Once the young bulbs start going into their dormant period, keep the frame covered to prevent excessive moisture, but do not let them dry out completely. The tiny young bulbs have not yet built up a big enough store of energy and moisture to take them through long periods of drought.
The frames are kept covered as required through autumn and winter with occasional openings during light rain to keep the compost always moist.

Second and third year
The same procedure is followed for the next few years with plenty of watering and feeding in spring while the plants are growing and holding them just moist during the dormant period. It is important to remember that the seedling bulbs will be starting to root from September on, even though you may not see any growth above the surface for six months or more, so a good soaking at this time is essential. Always be on the look out for slugs and aphids, which not only weaken and damage the plant but can also spread virus.
We use any available systemic insecticide spray to protect the plants and have never found one that causes any problems to the bulbs.

We usually do not start to repot seedlings until the end of the third growing year.
Many bulb seeds will germinate sporadically, especially if they have been stored, so if you repot too soon you could lose the ones that will germinate in their second or third season.
If you have sown Narcissus, Crocus, etc on the surface they may be the exception to the delayed repot rule: there is a big advantage in getting them down deeper into the compost as soon as possible- it is much better to sow them deeply in the first place.

Potting on en masse

If you do have a good germination you can repot them en masse with minimal disturbance to the roots into a larger pot.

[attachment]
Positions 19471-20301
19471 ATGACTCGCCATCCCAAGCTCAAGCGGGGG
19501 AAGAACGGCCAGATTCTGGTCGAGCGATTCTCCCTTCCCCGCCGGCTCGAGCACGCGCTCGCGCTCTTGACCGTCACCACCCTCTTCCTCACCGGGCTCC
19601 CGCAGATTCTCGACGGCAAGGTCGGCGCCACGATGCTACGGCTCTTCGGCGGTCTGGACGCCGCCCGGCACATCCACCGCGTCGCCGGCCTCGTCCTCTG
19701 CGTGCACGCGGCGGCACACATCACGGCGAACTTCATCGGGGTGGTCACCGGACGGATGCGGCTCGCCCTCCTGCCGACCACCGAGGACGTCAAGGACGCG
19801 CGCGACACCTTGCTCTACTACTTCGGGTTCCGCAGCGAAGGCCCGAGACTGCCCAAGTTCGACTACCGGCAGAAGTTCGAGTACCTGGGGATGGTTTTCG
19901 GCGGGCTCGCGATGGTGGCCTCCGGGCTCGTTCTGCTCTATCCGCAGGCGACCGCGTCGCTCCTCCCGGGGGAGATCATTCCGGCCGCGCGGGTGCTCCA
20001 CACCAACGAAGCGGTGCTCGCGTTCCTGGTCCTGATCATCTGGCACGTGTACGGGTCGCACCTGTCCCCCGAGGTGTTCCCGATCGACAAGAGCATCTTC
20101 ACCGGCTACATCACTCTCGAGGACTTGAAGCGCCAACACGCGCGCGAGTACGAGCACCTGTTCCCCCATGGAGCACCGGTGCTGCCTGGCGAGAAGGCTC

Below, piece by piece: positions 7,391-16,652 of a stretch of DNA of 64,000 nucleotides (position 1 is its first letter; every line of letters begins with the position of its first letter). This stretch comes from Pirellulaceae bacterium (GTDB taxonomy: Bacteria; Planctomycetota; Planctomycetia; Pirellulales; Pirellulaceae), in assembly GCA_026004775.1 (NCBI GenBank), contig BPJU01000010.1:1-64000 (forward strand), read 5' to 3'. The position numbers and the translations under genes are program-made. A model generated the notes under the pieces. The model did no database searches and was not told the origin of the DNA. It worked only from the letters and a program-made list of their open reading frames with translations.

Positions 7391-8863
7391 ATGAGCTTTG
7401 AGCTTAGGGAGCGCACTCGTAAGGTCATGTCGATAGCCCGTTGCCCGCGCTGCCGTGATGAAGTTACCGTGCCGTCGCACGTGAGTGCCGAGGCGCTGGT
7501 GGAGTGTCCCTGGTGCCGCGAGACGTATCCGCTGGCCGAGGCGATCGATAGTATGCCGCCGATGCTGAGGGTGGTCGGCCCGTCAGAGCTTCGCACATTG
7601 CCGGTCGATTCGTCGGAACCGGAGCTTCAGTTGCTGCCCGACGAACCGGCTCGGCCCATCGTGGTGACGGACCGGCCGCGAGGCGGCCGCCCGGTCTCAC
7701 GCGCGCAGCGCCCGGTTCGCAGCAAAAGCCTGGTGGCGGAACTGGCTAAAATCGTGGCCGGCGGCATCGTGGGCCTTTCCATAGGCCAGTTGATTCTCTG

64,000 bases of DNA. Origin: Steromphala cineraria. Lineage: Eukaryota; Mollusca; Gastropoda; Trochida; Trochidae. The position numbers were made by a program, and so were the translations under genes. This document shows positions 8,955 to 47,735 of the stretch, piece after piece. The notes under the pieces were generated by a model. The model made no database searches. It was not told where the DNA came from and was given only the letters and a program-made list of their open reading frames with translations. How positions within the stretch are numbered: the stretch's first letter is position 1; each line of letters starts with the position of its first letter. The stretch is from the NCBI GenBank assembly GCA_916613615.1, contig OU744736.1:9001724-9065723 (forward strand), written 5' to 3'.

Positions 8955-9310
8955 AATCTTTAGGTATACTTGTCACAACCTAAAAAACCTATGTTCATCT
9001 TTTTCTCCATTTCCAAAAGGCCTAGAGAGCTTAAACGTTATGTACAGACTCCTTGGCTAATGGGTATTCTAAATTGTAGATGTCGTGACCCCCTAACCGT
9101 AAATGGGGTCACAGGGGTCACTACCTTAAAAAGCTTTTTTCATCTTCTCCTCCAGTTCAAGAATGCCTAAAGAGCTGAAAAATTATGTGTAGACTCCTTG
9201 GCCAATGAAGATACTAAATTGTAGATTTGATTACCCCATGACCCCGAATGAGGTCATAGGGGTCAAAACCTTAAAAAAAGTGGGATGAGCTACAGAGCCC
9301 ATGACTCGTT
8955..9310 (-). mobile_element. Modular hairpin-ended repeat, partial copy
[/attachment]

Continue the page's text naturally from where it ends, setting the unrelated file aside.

We repot seedling bulbs in August/ September once we have finished repotting all the mature bulbs. The ones that are due to be repotted are allowed to get slightly drier which makes sorting them out that bit easier. Tip them out and carefully sift the compost until you find them all, shaking the compost in a tray as if panning for gold will bring the young bulbs up to the surface. Remember you could have one, two and three year old bulbs in the same pot. Repot them into a fresh batch of the same compost mix increasing the pot size or making two pots from one, as you think necessary.
Once the bulbs have reached this stage we either move them on to a covered bulb frame or bulb house as they now require more protection or plant them into the garden if they are suitable. It is a strange fact that seedling bulbs seem to be hardier when they are young than when they are at, or reaching, maturity.
Some Narcissus and Crocus will flower in three years from seed as will many lilies but it is normal to have to wait until year five to seven for Fritillaria and Erythronium.

Mesh baskets in sand plunge

Most bulbs that we plant in the garden are grown in plastic mesh pond baskets for ease of relocating and splitting in future years. We also have several open plunge beds where we grow Erythroniums, Trilliums, Fritillaria, Crocus, Corydalis, etc in square mesh pond baskets; these beds act as a half way house between the bulb-house or bulb-frame and the garden. It also allows us to lift and split the plants on a regular basis without having to disturb other plants growing in our densely populated garden.
By growing bulbs from seed it also gives you that extra few that you can try out in the garden and we are increasingly surprised at how many of these, which we always grew under glass before, can survive and sometimes thrive if the correct conditions can be found in the garden.

At the moment we are spoiled for choice with the great variety of bulb seed available through the SRGC Seed Exchange as well as the exchanges of our sister societies. Also there are many specialised commercial seed lists, offering mouth-watering gems both from cultivated stock and wild locations, advertising in our journal.
So there has never been a better time to start growing bulbs from seed.